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News Release

April 8, 2004
FOR IMMEDIATE RELEASE

Easter Egg Safety

Easter eggs are a common sight this time of year. They can come in all shapes, sizes and colors. Some Easter eggs are plastic, some are foam and some are real eggs. Eggs can be used as spring decorations or hidden for children to find. When handled properly they can be a great addition to your spring décor. Here is some important information from the American Egg Board (AEB) to remember when using real eggs.
  • Eggs may be contaminated with bacteria and are a potentially hazardous food, in the same manner as meat, poultry, fish and milk. In other words, they are able to support the rapid growth of disease-causing bacteria like Salmonella. Don’t eat an egg that has been out of the refrigerator for more than two hours.
  • Do not handle eggs excessively, whether in cooking, cooling, dyeing or hiding. An egg is very porous and the shell can permit bacteria to enter. Most commercial egg producers lightly coat their eggs to close the pores against contamination. Cooking eggs in the shell removes the barrier of mineral oil so that your hard cooked eggs are more susceptible to contamination unless you handle them properly. To help prevent contamination of the egg, you should always wash your hands before handling the cooked eggs.

AEB Guidelines for Preparing Safe Easter Eggs:

  1. Inspect eggs before purchasing them, making sure that they are not dirty or cracked. Always refrigerate fresh eggs until it's time to cook them.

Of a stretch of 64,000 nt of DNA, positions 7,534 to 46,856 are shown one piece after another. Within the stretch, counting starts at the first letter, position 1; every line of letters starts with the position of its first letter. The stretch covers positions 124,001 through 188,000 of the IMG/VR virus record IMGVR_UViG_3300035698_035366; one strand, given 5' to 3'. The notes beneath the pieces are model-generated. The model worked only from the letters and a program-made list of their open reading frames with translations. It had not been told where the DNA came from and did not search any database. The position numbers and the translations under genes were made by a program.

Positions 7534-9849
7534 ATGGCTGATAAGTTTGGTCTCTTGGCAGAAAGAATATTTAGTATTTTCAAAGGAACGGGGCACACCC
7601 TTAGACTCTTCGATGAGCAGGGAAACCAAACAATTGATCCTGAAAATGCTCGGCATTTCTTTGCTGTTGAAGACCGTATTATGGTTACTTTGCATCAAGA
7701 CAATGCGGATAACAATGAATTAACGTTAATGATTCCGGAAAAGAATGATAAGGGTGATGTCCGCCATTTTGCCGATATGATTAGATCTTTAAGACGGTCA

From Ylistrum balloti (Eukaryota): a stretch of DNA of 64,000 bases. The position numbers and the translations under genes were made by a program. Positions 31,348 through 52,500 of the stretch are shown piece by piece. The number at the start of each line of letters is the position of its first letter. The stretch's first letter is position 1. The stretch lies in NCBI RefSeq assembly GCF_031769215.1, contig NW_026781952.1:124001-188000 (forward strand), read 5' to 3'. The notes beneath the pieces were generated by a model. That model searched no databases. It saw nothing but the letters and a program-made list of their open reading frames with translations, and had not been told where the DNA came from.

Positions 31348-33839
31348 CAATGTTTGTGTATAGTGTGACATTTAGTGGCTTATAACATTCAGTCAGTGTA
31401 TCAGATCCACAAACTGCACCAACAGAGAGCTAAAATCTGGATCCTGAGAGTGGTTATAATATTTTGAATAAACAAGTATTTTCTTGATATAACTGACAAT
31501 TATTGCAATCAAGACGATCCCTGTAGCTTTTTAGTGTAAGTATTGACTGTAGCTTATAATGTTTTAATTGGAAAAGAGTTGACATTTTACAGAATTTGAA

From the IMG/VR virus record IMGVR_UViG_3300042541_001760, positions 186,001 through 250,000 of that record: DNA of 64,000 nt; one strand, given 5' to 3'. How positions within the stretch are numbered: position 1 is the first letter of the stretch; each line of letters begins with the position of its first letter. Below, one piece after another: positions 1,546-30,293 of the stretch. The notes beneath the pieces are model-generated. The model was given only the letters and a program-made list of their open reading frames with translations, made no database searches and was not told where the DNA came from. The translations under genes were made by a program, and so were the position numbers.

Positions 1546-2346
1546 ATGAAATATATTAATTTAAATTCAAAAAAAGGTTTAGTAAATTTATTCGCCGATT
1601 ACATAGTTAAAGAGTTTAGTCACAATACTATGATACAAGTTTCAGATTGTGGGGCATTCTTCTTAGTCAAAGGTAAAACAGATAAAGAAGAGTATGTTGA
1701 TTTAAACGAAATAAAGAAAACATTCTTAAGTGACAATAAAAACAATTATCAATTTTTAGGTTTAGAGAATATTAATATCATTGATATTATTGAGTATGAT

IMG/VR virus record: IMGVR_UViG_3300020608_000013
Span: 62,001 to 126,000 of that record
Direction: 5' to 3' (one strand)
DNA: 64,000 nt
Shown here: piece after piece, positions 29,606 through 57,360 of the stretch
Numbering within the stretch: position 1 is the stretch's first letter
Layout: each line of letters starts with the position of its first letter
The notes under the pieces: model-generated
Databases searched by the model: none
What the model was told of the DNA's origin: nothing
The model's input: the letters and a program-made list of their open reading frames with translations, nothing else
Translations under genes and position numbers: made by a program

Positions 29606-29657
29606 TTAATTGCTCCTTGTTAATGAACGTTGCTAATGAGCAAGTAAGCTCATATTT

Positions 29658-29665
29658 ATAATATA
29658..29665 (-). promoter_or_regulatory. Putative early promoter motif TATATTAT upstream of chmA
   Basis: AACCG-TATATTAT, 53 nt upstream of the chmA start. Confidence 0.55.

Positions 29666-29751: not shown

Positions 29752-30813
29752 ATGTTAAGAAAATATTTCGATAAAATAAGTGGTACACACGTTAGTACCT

2. Place eggs in single layer in saucepan. Cover the eggs with sufficient tap water so that it is one inch above the eggs. For better dye coverage after cooking, add a tablespoon of vinegar. Cover the pan and rapidly bring to a boil. Turn off heat and remove the pan from the burner to prevent additional boiling. Allow the eggs to stand, covered, in the hot water for 15 minutes. Place the eggs at once in ice water or run cold water over them until completely cooled.
  3. Wash your hands before handling the cooked eggs. Select only eggs with uncracked shells for coloring. The eggs should be at or below room temperature. If you plan on eating the eggs later, use food grade dyes such as commercial egg dyes, liquid food coloring or colored drink powders. Keep the eggs refrigerated before use.
  4. Don't eat cracked eggs or eggs that have been out of refrigeration for more than two hours. If you plan to use hard-cooked eggs as a centerpiece or other decoration, cook extra eggs for eating and discard the eggs that have been left out as a decoration.
  5. For outdoor Easter egg hunts, use only hard-cooked eggs with uncracked shells. Hide them in places protected from dirt, animals (pets, wildlife, birds, reptiles, insects, etc.) and other potential sources of bacteria or chemicals. Re-refrigerate uncracked "found" eggs and use within a week. Eggs "found" after two hours or with the shells cracked should be thrown away.

Follow these simple guidelines and don’t let an Easter egg accidentally spoil your spring celebrations. For more information on safe Easter eggs visit the American Egg Board website at http://www.aeb.org/. Tips on how to safely prepare whole eggs as well as empty shells are found in ‘special occasions’ under the Egg Safety link. Additional Easter egg safety information can be found at http://www.foodsafety.gov/~fsg/holiday.html.

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